, Volume 442, Issue 1-3, pp 241-252

Reproductive potential of Daphnia galeata in relation to food conditions: implications of a changing size-structure of the population

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Abstract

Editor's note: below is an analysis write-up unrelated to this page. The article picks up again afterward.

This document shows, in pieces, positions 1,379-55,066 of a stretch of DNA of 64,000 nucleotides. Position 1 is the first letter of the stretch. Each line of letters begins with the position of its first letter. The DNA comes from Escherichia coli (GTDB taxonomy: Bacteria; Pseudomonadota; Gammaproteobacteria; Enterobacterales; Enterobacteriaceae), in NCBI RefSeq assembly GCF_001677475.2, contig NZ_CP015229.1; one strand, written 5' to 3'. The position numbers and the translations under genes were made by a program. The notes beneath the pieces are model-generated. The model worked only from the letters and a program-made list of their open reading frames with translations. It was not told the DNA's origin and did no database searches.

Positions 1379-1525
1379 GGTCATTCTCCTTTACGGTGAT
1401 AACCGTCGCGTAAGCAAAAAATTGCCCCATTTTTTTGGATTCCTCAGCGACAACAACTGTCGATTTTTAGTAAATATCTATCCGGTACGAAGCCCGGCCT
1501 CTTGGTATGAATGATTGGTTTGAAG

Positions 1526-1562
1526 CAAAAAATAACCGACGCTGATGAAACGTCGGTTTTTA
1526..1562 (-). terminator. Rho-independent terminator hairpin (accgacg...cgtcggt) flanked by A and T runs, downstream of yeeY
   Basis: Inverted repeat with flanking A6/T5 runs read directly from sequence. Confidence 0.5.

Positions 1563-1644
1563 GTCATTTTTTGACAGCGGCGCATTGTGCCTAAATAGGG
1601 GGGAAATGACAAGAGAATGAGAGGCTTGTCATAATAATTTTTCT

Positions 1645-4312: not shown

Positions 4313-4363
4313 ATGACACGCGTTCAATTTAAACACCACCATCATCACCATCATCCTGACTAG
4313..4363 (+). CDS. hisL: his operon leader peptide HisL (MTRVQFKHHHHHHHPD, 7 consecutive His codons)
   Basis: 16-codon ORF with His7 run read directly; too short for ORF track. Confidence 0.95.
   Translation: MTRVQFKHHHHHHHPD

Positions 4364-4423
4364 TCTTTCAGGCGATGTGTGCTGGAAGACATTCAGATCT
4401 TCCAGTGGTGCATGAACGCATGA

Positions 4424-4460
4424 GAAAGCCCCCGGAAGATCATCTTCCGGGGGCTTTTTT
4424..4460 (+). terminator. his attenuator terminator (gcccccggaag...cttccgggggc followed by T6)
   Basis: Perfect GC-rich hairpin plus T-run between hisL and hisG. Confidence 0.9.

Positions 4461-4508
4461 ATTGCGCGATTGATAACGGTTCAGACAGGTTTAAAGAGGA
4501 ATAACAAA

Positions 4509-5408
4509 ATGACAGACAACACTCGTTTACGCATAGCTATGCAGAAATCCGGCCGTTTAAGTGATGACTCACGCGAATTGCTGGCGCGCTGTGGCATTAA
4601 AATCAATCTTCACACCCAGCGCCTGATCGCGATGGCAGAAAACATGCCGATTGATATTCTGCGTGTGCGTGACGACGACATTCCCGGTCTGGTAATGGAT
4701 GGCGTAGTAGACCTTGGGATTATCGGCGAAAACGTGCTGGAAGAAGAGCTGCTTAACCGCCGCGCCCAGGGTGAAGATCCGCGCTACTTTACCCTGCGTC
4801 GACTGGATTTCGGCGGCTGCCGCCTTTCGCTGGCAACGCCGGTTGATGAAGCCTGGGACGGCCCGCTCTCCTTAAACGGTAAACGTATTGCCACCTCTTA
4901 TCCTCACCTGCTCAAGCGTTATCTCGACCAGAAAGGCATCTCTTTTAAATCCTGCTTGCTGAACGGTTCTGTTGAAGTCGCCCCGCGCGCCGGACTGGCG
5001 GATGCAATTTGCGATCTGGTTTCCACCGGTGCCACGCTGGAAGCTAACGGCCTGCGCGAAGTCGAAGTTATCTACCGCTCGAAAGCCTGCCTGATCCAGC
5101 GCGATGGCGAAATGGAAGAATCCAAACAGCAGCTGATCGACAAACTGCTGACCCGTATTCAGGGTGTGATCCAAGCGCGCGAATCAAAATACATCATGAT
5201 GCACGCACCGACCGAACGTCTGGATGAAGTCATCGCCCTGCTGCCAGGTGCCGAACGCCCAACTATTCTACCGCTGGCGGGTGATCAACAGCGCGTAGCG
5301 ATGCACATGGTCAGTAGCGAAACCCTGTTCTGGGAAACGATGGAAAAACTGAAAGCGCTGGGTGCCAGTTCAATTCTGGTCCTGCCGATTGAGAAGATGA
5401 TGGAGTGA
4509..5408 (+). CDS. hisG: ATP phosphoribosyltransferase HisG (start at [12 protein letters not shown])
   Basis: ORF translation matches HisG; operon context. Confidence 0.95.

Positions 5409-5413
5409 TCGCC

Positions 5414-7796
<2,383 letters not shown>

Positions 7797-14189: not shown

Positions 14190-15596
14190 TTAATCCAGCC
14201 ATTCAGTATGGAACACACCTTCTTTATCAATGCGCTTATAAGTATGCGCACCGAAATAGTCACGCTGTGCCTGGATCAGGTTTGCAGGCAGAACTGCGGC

A field study was conducted in the highly eutrophic, biomanipulated Bautzen Reservoir to investigate the influences of food conditions on fecundity of Daphnia galeata during spring and early summer in four consecutive years. By defining a relation between body size and maximum brood size, the realised reproductive potential (RRP) of Daphnia was expressed as percentage of actual egg numbers of the population in relation to calculated maximum egg numbers. This parameter is independent of the size structure of the population. It was found to correlate generally with mean clutch size. However, deviations occurred if size at maturity (SAM) declined. Extremely low SAM values (∼0.8 mm) were recorded in 2 years, corresponding with increasing food concentrations. Low clutch sizes in these situations can be explained by small body sizes of ovigerous females, whereas RRP increased, thus reflecting good food conditions. From the comparison of different reproductive parameters, it is concluded that RRP is the most reliable one with regard to bottom-up influences in case of extremely variable size structure and possible predation impacts. Fecundity of D. galeata was clearly food limited during the clear-water stage. Relatively high POC-threshold concentrations of 0.26 mg C l−1 suggest that food quality was low and may be equally important as food quantity in limiting egg production.